List the titles of the books you read for pleasure that you enjoyed most in the past year. (150 words or less)

While the last list was about your academic mind, this list is all about your time off. How do you entertain, soothe, or rest your mind during your non-academic reading time? Similar to the preceding list, you’ll need to be careful to avoid self-aggrandizing or pandering choices. Don’t top your list with Crime and Punishment unless you genuinely picked it up of your own accord, read it from start to finish, and loved every second of it. Think not just of the most recent books you’ve read, but also of the old classics you can’t help rereading (“Harry Potter and the Sorcerer’s Stone (for the fifth time)” or “My sixth grade diary”). Play with the sequencing here: how would you set these up in your library? Chronologically? Alphabetically? Thematically? According to the relationship between authors? Can you draw fun connections between your favorite works? Or maybe you can make an entertaining leap from the sublime to the ridiculous by placing a classic work of fiction alongside a graphic novel. Have fun with it! After all, this list is, at its core, about what you do for fun.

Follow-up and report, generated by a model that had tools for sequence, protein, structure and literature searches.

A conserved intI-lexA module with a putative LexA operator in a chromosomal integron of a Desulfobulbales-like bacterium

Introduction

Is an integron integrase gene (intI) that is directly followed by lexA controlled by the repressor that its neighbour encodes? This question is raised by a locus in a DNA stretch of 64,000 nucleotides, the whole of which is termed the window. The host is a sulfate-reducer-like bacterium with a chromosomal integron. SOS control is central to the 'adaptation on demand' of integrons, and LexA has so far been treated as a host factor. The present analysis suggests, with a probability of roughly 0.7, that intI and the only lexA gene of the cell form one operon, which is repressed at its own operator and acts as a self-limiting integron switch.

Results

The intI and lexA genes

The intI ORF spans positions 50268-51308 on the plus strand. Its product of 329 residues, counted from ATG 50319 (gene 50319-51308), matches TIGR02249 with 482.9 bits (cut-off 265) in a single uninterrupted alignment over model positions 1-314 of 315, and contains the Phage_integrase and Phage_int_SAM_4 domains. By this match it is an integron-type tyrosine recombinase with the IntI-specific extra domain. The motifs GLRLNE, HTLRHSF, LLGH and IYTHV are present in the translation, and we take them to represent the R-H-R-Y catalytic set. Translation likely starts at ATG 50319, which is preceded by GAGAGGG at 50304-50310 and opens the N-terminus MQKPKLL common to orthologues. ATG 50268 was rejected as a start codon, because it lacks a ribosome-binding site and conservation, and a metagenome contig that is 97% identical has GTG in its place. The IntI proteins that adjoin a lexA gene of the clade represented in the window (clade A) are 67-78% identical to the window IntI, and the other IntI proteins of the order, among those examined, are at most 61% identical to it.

List the titles of the print, electronic publications and websites you read regularly. (150 words or less)

This list is probing for your understanding of what it means to be an informed citizen. What do you think are the most responsible ways to engage with the world? What do you consider a reliable or worthwhile source of information? Newspapers and news sites may be the first sources that spring to mind, but don’t stop there! What’s the first thing you read every morning? What’s your go-to for a specific topic of interest? Do you absolutely love the sharp satire of the Onion or the crisp writing of a style blogger? Beyond simply showcasing your engagement with the world, this list can reveal the specific political and cultural niches you care most about.

List the titles of the films, concerts, shows, exhibits, lectures and other entertainments you enjoyed most in the past year. (150 words or less)